Houston — Geology graduate students and faculty from King Fahd University of Petroleum and Minerals (KFUPM) and Stanford University, as well as geologists from Saudi Aramco and Aramco Services Company (ASC) recently conducted a joint field seminar in Oman.
The Al-Ayn Beehive Tombs, an excellent vantage point for observing Jebel Misht, were just one stop along the way for geologists from King Fahd University of Petroleum and Minerals (KFUPM), Saudi Aramco, Aramco Services Company, and Stanford University. The group also visited a world-famous exposure of the Semail Ophiolite in Wadi al Abyad, where the boundary between the Earth’s crust and the mantle — known as the Mohorovicic Discontinuity, or Moho — is exposed.
In frame, geologists from KFUPM and Stanford University pose for a group photograph in Oman. The students were joined by researchers from Saudi Aramco and Aramco Services Company for a joint field seminar in Muscat in alignment with a conference session.
The group convened for an opening conference session in Muscat, where participants received a safety briefing for the field excursion and then introduced themselves and their research interests.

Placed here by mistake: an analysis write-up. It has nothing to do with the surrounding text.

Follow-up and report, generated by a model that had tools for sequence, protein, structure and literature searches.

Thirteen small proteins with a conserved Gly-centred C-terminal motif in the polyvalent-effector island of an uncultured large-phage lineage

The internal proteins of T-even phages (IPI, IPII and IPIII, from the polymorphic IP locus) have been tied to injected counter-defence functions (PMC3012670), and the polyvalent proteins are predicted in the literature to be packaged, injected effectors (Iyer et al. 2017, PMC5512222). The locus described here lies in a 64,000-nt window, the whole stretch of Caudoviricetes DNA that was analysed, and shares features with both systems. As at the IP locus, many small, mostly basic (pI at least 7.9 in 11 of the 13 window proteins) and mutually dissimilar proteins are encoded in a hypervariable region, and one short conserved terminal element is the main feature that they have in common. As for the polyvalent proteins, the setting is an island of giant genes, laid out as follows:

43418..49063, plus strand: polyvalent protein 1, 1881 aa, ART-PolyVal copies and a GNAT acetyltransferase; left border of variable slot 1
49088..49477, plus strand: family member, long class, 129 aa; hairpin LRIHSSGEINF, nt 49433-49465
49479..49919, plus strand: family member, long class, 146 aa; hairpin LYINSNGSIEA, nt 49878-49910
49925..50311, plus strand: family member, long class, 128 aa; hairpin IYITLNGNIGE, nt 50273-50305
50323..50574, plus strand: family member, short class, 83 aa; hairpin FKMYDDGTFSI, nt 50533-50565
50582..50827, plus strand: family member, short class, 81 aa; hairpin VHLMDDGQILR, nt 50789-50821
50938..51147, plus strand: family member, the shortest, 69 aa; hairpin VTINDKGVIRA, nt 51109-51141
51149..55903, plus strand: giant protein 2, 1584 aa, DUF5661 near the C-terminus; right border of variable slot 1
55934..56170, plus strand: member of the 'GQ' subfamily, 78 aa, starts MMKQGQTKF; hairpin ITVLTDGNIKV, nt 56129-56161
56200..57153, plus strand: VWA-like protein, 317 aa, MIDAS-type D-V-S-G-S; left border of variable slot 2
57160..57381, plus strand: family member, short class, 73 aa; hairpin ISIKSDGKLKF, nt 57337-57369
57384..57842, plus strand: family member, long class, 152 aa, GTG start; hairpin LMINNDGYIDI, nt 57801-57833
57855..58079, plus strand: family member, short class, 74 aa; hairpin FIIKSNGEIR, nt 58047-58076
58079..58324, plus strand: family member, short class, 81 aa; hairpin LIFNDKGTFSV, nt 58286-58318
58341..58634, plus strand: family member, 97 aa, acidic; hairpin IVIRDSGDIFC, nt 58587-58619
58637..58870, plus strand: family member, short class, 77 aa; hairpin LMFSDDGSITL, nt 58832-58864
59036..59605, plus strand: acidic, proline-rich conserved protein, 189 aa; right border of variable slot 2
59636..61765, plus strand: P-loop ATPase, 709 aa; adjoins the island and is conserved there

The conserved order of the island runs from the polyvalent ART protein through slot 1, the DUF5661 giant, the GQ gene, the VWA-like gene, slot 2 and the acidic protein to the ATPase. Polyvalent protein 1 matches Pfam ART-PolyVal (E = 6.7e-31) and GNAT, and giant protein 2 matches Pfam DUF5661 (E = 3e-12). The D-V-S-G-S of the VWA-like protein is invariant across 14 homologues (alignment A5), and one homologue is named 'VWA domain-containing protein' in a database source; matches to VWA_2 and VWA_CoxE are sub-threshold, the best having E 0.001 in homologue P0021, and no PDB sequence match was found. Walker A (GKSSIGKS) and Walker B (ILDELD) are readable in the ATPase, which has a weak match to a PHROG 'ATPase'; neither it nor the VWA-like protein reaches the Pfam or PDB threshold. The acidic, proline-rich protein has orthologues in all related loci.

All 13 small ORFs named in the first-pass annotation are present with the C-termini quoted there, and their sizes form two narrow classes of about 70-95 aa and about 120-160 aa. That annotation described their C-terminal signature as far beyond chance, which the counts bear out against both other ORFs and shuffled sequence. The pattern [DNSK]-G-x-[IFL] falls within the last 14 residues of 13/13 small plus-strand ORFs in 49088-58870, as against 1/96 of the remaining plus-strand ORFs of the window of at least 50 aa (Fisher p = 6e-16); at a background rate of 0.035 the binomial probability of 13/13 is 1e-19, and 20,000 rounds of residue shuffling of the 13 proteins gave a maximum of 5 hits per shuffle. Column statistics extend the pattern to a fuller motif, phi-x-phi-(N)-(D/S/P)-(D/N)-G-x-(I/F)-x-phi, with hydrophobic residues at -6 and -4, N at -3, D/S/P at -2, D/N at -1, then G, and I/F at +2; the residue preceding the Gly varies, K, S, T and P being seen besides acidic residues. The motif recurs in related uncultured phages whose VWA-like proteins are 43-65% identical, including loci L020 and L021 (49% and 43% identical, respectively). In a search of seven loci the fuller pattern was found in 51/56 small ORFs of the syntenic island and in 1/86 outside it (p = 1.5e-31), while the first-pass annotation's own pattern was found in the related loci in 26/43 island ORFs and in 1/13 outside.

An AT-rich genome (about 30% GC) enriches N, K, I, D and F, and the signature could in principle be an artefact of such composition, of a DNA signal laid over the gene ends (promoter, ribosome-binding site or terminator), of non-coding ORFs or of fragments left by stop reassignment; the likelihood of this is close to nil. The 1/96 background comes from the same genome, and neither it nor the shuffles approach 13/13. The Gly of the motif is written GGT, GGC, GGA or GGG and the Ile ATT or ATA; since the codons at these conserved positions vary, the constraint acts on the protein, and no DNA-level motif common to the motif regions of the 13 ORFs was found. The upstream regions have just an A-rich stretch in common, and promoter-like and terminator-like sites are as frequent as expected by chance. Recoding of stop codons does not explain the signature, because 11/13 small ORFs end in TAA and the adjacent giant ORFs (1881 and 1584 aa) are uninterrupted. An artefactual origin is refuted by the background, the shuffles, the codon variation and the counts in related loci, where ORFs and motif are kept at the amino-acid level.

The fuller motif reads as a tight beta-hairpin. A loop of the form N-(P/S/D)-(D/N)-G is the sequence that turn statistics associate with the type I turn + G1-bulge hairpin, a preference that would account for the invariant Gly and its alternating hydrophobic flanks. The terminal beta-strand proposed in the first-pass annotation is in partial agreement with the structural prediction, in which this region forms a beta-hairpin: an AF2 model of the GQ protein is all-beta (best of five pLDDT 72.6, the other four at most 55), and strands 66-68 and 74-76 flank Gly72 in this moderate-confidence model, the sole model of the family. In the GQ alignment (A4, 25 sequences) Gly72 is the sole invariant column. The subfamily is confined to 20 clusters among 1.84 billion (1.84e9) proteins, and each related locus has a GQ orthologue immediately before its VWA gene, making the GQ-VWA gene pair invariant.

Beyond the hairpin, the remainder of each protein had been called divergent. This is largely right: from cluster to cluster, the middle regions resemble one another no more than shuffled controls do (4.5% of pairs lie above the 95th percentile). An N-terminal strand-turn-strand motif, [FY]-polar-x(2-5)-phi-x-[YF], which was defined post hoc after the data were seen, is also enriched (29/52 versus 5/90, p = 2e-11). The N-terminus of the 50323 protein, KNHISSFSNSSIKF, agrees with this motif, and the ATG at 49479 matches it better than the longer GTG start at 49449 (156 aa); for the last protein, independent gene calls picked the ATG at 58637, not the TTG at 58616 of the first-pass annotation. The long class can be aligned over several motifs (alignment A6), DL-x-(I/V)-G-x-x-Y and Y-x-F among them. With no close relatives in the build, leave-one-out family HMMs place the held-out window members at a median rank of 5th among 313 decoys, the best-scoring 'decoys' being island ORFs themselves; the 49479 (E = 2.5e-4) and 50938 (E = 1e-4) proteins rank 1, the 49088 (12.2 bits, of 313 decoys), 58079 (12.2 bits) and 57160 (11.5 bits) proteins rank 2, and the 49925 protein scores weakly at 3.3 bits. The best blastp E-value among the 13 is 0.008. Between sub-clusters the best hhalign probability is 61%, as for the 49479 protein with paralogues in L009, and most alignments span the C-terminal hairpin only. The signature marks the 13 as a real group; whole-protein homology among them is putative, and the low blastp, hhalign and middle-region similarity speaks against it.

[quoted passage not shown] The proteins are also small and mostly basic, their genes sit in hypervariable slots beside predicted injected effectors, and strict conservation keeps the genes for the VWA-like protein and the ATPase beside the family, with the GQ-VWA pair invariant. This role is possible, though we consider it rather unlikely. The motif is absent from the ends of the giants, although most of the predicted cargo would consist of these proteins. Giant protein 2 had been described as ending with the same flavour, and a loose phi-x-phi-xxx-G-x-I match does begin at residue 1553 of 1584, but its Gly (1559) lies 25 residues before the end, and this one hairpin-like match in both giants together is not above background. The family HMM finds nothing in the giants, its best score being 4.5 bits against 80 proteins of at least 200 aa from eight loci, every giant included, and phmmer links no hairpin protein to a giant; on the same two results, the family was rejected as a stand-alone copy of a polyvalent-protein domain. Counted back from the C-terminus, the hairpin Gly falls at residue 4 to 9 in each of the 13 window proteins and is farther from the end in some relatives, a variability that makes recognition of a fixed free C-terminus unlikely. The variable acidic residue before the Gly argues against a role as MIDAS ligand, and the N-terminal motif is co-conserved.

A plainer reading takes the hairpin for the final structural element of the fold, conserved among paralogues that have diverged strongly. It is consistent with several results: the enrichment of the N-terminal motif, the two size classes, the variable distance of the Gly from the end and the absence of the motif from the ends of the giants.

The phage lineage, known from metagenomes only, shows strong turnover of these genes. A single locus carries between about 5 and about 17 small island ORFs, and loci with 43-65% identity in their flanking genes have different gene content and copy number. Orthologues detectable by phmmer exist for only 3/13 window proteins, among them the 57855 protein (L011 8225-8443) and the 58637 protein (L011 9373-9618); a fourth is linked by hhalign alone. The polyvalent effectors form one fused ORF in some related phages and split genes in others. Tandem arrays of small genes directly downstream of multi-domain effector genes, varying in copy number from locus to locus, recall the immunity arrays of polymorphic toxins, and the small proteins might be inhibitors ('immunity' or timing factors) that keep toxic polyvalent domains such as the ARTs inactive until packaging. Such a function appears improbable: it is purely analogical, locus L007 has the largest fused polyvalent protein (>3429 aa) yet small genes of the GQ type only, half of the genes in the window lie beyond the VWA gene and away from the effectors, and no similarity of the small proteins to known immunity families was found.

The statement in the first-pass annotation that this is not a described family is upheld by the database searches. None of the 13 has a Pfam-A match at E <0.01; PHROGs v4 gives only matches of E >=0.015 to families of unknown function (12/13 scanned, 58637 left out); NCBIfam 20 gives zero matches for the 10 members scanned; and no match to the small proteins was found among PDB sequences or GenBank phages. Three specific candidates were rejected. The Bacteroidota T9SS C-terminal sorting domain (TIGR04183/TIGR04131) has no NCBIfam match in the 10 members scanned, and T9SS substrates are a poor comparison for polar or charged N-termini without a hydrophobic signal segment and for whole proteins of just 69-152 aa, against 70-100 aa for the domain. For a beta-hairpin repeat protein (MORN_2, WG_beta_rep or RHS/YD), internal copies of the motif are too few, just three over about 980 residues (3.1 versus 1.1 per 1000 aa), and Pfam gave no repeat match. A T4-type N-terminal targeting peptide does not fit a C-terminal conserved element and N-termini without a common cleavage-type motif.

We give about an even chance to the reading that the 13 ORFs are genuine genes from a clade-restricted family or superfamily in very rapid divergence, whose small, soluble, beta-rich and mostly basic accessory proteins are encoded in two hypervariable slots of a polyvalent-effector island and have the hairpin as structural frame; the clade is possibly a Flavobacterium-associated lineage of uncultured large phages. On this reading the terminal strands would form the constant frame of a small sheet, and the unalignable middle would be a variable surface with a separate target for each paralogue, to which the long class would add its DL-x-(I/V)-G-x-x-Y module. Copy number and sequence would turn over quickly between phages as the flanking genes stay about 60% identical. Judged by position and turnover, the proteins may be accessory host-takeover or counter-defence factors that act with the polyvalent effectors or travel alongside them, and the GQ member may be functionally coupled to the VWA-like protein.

Led by senior geological consultant Tim Diggs of ASC, the group of 28 gained hands-on experience in a wide variety of geological settings while fostering ongoing collaboration between the company and the two universities. For example, the group observed the stratigraphy and structural styles of Oman Precambrian through Eocene rocks and studied cycles and heterogeneity in a Cretaceous reservoir analog.
A Firsthand Look at Spectacular Geology
On the first day in the field, a team exercise related to structural geology brought participants closer together. Groups worked on interpretation and measurements of three separate outcrops of multiple deformed rocks and presented their interpretations to the entire group later in the day.
On subsequent days, the group interpreted spectacular geology, including the Precambrian-Permian unconformity developed during the breakup of Pangaea in Wadi Bani Kharus and a Permian-Triassic transition in Wadi Sahtan — defined by the extinction of 95% of global/marine species.
The group also visited a world famous exposure of the Semail Ophiolite in Wadi al Abyad, where the boundary between the Earth’s crust and the mantle — known as the Mohorovicic Discontinuity, or Moho — is exposed. This is one of the few outcrops on Earth where this boundary, a key for understanding the large-scale structure of the Earth’s interior, is exposed.
Along the way, the group took in cultural sites such as the Al Ayn Beehive Tombs, a UNESCO World Heritage Site noted for an extraordinary ensemble of burial monuments that are 4,700 to 5,300 years old. From the tombs, participants had an excellent view of Jebel Misht, an isolated block of Permian rock emplaced by tectonic activity and known geologically as an “exotic.”
Many members of the group have connected on social media so that they can exchange photographs and keep in contact about projects of interest.